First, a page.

Implicit in what he said was that he understood it to be a bilateral issue, and would mediate if asked to by both. What has created the stir is his insistence that Modi has already asked him to mediate. And that he himself had no idea where, and it was the Indian PM who told him that the mediation he was asking for was for Kashmir. And that he had no idea the issue had been dragged on for so long —to which Imran Khan helpfully added "70 years"— and that he would love to mediate.

Nowhere did Trump say he was going to mediate unilaterally, placing the ‘clearance’ as it were at the Indian PM’s door.

The US President is not known for telling the truth or sticking to the facts, with the American media locked in combat with him on a host of issues concerning domestic policies. As such there are more than many willing to accept that Trump has stretched facts again, and attributed words to Modi that were never said. But unfortunately for PM Modi, the categorical statement by the US President has made it a ‘my word versus yours’ issue, creating the doubt that was clearly intended.

Trump has often been lampooned in his country's media as a buffoon of sorts. But the more serious commentators in the US admit he is a smart man, whose lies or half truths are laced with intent. His policy remarks are usually followed through, rightly or wrongly, and he has created a constituency that believes in him with the same passion as those supporting the Indian PM here. For them the lies are ‘strategic’ and Trump works to the ends he has spelt out, even if it is Russia or for that matter North Korea in foreign policy. His critics have learnt to take Trump’s seemingly extremist remarks seriously, as he usually does announce what he intends to do.

And now clearly Kashmir has caught his attention. Whether PM Modi asked him or not is actually immaterial. For Trump, the powerful President of the USA, has said that he did. And the White House is not backing off from these remarks, delivered in what was a thought out process in the company of the Pakistan Prime Minister who added his two words “70 years” to Trump’s observations. It was a very calculated intervention by the President, thought out, and decided. Not off the cuff remarks at all, and hence with decided policy implications that can be expected to play out over the next months.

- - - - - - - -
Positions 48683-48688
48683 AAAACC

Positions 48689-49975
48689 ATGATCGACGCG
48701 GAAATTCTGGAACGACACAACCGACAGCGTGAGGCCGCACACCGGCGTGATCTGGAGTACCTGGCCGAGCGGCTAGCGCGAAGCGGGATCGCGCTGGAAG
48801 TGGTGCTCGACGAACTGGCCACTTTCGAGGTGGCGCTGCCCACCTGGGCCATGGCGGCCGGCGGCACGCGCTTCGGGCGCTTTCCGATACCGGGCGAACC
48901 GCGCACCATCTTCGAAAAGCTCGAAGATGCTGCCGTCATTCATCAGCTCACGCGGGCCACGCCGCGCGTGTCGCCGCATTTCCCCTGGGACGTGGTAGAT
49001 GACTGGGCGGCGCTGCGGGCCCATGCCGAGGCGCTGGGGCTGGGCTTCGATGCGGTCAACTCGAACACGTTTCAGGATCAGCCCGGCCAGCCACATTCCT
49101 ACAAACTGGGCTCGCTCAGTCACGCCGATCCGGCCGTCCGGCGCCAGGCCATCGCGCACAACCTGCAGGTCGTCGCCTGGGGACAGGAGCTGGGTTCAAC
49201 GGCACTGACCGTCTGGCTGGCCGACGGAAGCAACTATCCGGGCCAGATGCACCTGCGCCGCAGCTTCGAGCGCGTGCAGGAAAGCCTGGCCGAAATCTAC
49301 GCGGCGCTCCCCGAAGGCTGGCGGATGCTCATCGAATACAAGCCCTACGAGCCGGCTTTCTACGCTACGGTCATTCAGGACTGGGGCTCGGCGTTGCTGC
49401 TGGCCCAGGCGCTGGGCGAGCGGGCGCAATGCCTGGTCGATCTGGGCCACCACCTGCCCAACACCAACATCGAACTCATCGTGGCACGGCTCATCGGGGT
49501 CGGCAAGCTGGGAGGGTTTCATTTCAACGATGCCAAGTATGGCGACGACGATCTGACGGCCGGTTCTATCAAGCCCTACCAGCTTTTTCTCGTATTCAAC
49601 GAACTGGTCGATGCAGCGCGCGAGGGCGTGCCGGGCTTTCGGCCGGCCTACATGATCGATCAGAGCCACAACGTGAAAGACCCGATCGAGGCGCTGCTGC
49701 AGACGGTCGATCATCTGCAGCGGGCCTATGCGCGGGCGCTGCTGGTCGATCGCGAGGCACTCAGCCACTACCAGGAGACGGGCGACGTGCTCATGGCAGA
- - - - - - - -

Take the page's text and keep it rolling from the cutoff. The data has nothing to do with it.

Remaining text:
These are:

1. After a hiatus the US President has brought the spotlights back on Kashmir;

2. He has taken the same position as his predecessors, stating that the issue has gone on for far too long unresolved;

3. He would “love” to mediate (in Trump language this could mean he has decided to mediate);

4. Pakistan is very much part of the issue as the remarks were made in the presence of Imran Khan;

5. Pakistan-US ties have been sufficiently restored for not just Afghanistan, but Kashmir to be back on the anvil;

6. And that we can expect to hear more from Trump on Kashmir as he does not easily drop issues, as the Americans have learnt in these years.

By bringing PM Modi into the picture, Trump has sought to give further legitimacy to his “I will mediate” offer by insisting that the request came from the Indian government. The point is not if it is true or untrue now, the point is the manner in which the US President has reported a conversation with the Indian Prime Minister and thereby placed himself at the centre of a mediation or arbitration suggested by Modi. Significantly, he used both terms: arbitration would give him the authority to reach a solution after hearing both sides; while mediation would help the two parties reach a solution between themselves.

Can India ward him off, given the host of agreements signed between the two governments in recent years?

The story has not ended despite the denials and fluster here. Perhaps, insofar as Trump and his strategic interest in Afghanistan and this region is concerned, it has just begun.